His one regret is that his wife of almost 65 years won’t be there with him.

She died of complications from a stroke in 2011.

“It still hits me every now and then. She was so wholesome and beautiful,” he said.

She was part of the reason why – when he was president of the St. Patrick’s Society – he pushed to change the rules to allow women into the organization.

He plans to incorporate her in his remarks Thursday.

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Layoff protection offered by Alberta condo project to increase sales

For the first time in a generation, new Alberta condos and homes sit ready and waiting for buyers to move in.

It’s a big shift in the market and has builders like Calgary’s Carlisle Group thinking creatively about who to get customers into a show suite.

“That’s the number one challenge… just getting people out of their home, reading all the doom and gloom,” Jim Bryce of the builder said.

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    It’s why the longtime developer is offering what it calls the job security guarantee – essentially, it’s layoff insurance.

    Buyers fearful of losing their job buy some piece with of mind with a condo purchase for the rest of 2016.

    “We will pay your mortgage, up to six months or to maximum of $8,000,” Bryce told Global News. “That includes both your mortgage and condo fees.”

    Incentives are the name of the game right now.

    While prices are stable, the number of sales is way down as unemployment continues to rise in Alberta.

    READ MORE: 4 dos and don’ts of buying your first home

    Wanda Palmer of Trico Homes says it launched its Red Card incentive program last month to attract more customers.

    “The biggest impact for us is consumer confidence,” Palmer said.

    The rebate incentive ranged from $10,000 on a condo purchase to $120,000 on a upscale home valued close to $800,000.

    “They can take it off the purchase price of their home, they can spend it in the design centre, on options and upgrades,” Palmer said. “They could use it for legal fees.”

    Generous offers like these are almost unheard of in Alberta, according to Steve Sedgwick, president of the Realtors Association of Edmonton.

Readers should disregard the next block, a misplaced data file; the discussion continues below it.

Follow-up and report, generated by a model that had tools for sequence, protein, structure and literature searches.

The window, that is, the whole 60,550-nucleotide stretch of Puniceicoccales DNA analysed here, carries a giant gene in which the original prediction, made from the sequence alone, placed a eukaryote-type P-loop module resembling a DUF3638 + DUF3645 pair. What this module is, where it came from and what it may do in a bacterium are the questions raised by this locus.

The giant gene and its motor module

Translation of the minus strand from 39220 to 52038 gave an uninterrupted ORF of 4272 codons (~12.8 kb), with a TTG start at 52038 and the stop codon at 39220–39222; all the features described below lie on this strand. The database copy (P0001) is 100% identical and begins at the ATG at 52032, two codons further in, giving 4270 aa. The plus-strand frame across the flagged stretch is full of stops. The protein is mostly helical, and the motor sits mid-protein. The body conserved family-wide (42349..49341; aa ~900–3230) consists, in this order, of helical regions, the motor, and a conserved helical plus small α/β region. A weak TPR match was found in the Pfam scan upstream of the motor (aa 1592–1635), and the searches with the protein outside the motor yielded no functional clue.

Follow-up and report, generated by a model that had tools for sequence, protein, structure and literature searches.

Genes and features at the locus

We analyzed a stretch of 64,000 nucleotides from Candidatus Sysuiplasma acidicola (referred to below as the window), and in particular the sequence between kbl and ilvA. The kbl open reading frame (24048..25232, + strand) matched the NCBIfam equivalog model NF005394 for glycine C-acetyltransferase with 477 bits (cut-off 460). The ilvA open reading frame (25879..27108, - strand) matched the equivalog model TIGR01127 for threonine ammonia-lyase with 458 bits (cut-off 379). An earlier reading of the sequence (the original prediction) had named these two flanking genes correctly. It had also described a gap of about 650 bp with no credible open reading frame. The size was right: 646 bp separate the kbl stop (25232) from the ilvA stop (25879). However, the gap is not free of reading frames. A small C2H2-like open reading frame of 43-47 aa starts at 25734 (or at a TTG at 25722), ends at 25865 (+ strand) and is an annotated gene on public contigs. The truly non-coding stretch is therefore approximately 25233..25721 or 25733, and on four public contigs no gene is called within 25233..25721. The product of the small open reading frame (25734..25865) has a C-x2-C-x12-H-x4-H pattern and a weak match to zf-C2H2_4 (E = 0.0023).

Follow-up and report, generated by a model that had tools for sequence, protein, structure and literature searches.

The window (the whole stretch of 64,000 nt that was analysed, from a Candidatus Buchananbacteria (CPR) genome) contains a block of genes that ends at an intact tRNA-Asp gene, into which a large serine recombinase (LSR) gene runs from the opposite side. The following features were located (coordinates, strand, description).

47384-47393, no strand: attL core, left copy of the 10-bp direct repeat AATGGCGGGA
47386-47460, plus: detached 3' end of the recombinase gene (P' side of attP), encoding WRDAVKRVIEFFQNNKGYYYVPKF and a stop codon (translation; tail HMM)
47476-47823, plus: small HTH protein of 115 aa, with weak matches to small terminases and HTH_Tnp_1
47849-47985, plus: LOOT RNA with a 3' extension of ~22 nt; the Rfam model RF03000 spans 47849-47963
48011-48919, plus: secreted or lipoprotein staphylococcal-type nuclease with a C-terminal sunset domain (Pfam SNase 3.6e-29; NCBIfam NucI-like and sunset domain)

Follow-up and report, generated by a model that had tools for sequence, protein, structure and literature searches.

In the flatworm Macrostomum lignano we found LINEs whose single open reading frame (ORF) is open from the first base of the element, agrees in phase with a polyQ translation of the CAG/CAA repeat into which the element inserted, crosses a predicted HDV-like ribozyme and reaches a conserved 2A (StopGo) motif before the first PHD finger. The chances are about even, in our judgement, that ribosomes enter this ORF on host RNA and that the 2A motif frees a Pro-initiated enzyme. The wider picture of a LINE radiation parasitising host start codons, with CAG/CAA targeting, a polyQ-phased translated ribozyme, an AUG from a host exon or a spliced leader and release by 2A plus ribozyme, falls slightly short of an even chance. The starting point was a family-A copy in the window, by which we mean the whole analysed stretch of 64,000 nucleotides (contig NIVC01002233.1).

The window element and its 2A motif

“Over the last year and half we’ve had a lot of political and economic uncertainty and that’s affecting buyers decisions,” Sedgwick said.

    READ MORE: Housing horror stories: share your worst experiences

    Some wonder why builders simply won’t cut the sticker price on a home, as opposed to offer incentives.

    Builders say they’re simply covering their costs.

    And while construction costs may be down with more availability of trades, some other factors are out of their control.

    “That’s things like the Canadian dollar,” said Palmer. “A lot of the materials that go into our homes are purchased down in the U.S.”

    It’s one more challenge in a real estate waiting game with no end in sight.

    But, some sellers hope sweetening the deal with some extras may get some of their properties sold.

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Kingston family looks to give back 1 year after twin girls’ liver transplants

Watching Binh and Phuoc Wagner bound around the main floor of their Kingston, Ontario home, it’s hard to imagine that just three years ago they were suffering from a life-threatening illness.

The Vietnamese twin sisters live with Alagille Syndrome, a condition that affects their ability to absorb nutrients and stunts their growth. Doctors decided they would need liver transplants to survive.

Michael and Johanne Wagner of Kingston knew that when they adopted the girls and were willing to fight for them.